New York State officials visited Montauk on Thursday morning to send a clear message to federal officials: Change summer flounder quotas or we'll sue.
Governor Andrew Cuomo said the state is losing "tens if not hundreds of millions of dollars" because of unfair fishing limits, particularly on summer flounder, placed on commercial and recreational fisherman.
Together with Attorney General Eric Schneiderman and Suffolk County Executive Steve Bellone, Cuomo is calling for the US Department of Commerce to reassess its quotas or face legal actions.
"We have gotten shortchanged by the federal government year after year in terms of how many fluke we can actually catch," Cuomo said, speaking to a large audience of mainly fishermen on the deck of Swallow East restaurant, overlooking the Montauk Harbor.
The limit on how much fluke can be caught is regulated by the state, but set by the DOC's Fisher Management Plan, based on what Cuomo said is historic data, dating to the 1980s, even though the fishery has recovered since. He said the regulations even violate state law.
"We are willing to bring a legal case — we hope it doesn't come to that, but at the same time, this has gone on too long and we're not going to take it anymore," Cuomo said.
According to Attorney General Eric Schneiderman, the Magnuson–Stevens Fishery Conservation and Management Act, which governs marine fisheries management, requires the federal government to use the best available science about where the stock of fish are located and not to discriminate between states.
Data over the past five years consistently shows that the fishery has replenished itself and that more mature fish are in New York waters, migrating north and east, he said.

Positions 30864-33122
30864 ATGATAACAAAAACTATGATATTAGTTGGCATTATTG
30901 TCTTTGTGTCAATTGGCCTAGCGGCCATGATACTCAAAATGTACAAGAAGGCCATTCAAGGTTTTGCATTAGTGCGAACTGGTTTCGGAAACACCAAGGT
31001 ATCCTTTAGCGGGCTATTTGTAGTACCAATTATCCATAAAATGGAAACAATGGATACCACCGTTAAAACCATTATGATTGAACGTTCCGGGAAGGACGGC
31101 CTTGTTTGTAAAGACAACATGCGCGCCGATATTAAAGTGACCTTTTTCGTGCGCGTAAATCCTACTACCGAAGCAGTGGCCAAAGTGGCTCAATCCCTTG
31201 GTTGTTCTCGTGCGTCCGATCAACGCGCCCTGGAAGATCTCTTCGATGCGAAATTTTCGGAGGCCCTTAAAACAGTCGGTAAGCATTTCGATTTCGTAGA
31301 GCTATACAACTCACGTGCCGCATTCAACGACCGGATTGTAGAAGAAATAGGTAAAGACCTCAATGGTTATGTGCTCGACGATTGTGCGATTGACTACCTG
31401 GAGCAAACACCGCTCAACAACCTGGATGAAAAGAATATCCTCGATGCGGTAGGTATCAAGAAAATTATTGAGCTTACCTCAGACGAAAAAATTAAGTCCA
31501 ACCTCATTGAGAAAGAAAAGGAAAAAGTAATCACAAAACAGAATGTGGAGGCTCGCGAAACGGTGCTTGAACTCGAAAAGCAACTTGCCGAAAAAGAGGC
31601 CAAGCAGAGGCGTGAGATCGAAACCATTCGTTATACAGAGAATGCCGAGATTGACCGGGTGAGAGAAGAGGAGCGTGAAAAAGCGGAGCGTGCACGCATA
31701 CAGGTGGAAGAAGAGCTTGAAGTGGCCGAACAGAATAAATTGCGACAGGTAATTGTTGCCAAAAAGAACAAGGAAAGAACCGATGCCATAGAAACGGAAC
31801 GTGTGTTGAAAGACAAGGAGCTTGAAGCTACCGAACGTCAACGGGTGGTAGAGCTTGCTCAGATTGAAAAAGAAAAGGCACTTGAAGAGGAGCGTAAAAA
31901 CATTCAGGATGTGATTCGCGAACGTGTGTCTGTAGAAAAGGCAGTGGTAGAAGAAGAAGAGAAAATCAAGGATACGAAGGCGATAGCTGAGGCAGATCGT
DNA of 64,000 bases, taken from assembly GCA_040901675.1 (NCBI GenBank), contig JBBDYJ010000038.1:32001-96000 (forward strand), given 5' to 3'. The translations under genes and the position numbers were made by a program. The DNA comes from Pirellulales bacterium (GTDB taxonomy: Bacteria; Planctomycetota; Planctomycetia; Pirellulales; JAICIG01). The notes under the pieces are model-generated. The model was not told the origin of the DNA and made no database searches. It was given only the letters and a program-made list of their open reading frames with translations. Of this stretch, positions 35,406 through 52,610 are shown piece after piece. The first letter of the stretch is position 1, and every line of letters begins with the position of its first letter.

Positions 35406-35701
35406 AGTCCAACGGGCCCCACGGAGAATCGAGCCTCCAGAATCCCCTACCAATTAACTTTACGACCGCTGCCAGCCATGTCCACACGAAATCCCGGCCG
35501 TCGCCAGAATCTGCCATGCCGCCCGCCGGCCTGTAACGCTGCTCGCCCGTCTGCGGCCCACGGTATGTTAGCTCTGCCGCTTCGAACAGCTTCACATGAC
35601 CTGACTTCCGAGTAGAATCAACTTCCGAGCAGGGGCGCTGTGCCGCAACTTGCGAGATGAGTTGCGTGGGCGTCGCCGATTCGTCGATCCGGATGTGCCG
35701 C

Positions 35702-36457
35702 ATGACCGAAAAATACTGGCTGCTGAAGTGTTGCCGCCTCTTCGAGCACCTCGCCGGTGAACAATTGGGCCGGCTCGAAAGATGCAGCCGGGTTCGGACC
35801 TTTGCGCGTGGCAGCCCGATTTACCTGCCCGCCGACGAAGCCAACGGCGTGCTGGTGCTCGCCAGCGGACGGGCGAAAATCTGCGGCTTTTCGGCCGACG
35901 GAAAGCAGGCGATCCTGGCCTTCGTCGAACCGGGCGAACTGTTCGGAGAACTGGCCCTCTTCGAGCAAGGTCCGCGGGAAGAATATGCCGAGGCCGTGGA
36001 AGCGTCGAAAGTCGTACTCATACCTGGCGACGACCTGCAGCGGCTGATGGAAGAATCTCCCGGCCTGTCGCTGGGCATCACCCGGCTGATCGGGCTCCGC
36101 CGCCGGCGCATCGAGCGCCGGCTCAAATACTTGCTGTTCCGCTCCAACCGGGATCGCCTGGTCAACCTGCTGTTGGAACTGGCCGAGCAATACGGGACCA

He said he is ready to fight for an industry that generates $5 billion a year and employs 44,000.
According to Assemblyman Fred W. Thiele Jr., who was not at the press conference, a total of 1.4 million pounds of summer flounder were
landed in New York at a value of $3.4 million in 2011.
"If New York's FMP allocation were the same as neighboring states, fishermen would have been allowed to land nearly 4 million pounds, resulting in $9.8 million in revenue," Thiele said.
"This is not just about economics. This is not just about a way of life," Schneiderman said. "This is about fundamental justice. This federal government is discriminating against New Yorkers and we're not going to stand for it and I'm proud to be a lawyer to represent you if they don't do the right thing."
Cuomo, who first brought this to the attention of the federal government when he was serving as the attorney general, said federal officials don't understand logistics and he called for equality among the states in the region.
For example, in New Jersey and Connecticut, the limit is five summer flounder at 17.5 inches, whereas in New York, the limit is four at 19.5 inches.
"They don't appreciate that this is a regional fishery. They are setting state by state limits," Cuomo said. "I have news for the federal government: Fish swim — that's what they do. Fish don't realize when they're in New York waters versus Connecticut waters. There's no demarcation in the sound — Flounder, you are now going through New York water to Connecticut water."